Noxious fumes in NorthTown mall sent at least 36 people to the hospital Sunday afternoon and prompted a massive evacuation.
None of the injuries was believed to be life-threatening. According to a statement from Spokane police, many of the complaints involved eye, nose and throat irritation, as first reported on spokesmanreview.com.The shopping center is expected to reopen today.
The source of the problem remains a mystery, though rescue workers suspect it was caused when a small amount of pepper spray was released outside The Gap clothing store on the mall’s second level shortly before 3 p.m., said Spokane Fire Chief Bobby Williams. Although some shoppers and mall employees had been told it was a natural gas leak, Williams said that possibility had been ruled out.
The first rescuers at the scene noticed a mild irritant in the air, but their chemical detection devices registered nothing unusual, Williams said. The devices would be able to detect pepper spray, natural gas or any number of other chemical fumes.
“Our detectors found absolutely nothing,” Williams said. “I don’t know if we’ll ever know.”
The mall’s heavy-duty ventilation system likely sucked up any irritant shortly after it was discharged, Williams said.
Mall security guards have since begun reviewing security camera footage for anything suspicious. Nothing was found during the initial review late Sunday afternoon, Williams said. Spokane police are also reviewing tapes and interviewing victims.
The evacuation order snarled the already thick traffic on Division Street, cut short movies and created chaos for hundreds of shoppers, but Williams insisted it was the right call to make. First responders saw some people struggling to breathe. There was no idea if this was a prank or something more sinister.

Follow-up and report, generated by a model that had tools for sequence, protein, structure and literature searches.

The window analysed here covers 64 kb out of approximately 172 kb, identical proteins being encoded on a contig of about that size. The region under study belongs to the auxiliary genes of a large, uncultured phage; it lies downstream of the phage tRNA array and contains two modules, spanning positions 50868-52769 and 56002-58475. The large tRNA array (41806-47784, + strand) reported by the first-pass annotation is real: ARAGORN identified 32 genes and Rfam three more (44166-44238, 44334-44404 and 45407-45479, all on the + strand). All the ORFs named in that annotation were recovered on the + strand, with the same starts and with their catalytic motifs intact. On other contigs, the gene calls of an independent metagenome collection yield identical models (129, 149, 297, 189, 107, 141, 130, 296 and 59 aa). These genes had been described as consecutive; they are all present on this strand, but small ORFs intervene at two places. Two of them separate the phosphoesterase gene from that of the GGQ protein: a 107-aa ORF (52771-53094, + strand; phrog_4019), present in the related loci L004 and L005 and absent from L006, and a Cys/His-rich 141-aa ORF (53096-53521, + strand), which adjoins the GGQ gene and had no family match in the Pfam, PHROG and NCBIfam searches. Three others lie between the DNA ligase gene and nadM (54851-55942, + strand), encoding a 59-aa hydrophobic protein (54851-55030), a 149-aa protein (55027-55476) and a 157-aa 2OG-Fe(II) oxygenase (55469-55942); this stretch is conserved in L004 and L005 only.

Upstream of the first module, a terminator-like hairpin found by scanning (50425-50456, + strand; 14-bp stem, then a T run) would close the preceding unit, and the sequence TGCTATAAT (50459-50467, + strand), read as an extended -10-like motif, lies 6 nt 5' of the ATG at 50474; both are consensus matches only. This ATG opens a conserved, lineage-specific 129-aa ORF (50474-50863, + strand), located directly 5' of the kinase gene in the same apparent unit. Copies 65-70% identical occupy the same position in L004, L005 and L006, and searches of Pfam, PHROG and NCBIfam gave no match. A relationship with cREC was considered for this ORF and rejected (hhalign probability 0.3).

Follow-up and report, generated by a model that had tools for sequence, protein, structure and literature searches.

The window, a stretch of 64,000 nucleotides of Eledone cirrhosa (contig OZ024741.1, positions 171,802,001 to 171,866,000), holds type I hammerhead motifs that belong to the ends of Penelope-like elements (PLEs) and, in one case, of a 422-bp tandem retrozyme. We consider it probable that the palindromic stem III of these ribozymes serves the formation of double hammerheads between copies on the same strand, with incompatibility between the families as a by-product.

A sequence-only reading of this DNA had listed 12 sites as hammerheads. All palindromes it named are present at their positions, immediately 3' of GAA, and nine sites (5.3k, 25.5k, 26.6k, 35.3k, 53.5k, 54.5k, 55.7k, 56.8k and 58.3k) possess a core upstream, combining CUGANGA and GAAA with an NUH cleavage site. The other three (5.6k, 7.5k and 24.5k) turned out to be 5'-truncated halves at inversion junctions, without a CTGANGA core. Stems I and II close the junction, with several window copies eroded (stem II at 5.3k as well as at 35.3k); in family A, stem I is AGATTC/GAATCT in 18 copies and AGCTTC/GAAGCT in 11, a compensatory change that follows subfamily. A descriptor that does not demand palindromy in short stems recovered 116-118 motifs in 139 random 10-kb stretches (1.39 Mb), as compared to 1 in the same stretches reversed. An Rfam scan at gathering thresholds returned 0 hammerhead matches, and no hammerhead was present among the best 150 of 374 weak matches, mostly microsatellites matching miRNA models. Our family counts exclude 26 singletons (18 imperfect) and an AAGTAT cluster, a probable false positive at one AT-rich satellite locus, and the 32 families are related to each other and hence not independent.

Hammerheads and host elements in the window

“Our decision was to err on the side of getting people out,” Williams said.
The mall remained closed Sunday, but employees were allowed to return to their shops, kiosks and cafes two hours after the evacuation to retrieve personal belongings and secure their businesses for the night.
The evacuation was surprisingly orderly, according to mall employees.
Brent Schultz, who works at the 12-screen cinema complex, said workers went from theater to theater telling people to leave. No alarms were sounded anywhere in the mall. The movies continued playing as the theaters emptied, he said.
“People were calm,” Schultz said, adding that patrons may return to the theater today for a refund, so long as they have a ticket stub or receipt.
Michael Martin and Jessica Benyole, employees at a Cricket cell phone sales kiosk, said a worker at a neighboring business told them to evacuate.
“We were in the middle of a sale and had to leave everything behind,” said Benyole, who had been feeling light-headed shortly before the evacuation.
“We thought they were joking,” Martin said.
The two stood just outside the doors to the mall, which were roped off by yellow security tape. A few stragglers continued to leave the mall, including a pizza shop employee who carried a stack of pizza boxes and offered slices to anyone within earshot.
Mead resident Frank Malone was sipping a latte and reading a book at Barnes and Noble when an employee told him to leave immediately. Many people spent at least an hour getting out of the parking garage. Malone didn’t bother trying to leave. He just sat and watched the massive rescue scene unfold.
“I’m impressed. They did a good job,” Malone said. “It looks like there’s some adult leadership here.”
The emergency response included eight fire engines, about two dozen firefighters, 20 police officers and at least five ambulances. A city bus was also dispatched to the mall to make sure no one was stranded.
“It’s been a long time since we’ve had anything of this magnitude happen,” Williams said.
According to estimates by mall security, between 200 and 300 shoppers are in the shopping center on a typical Sunday this time of year. The estimate does not include those at the movie theaters.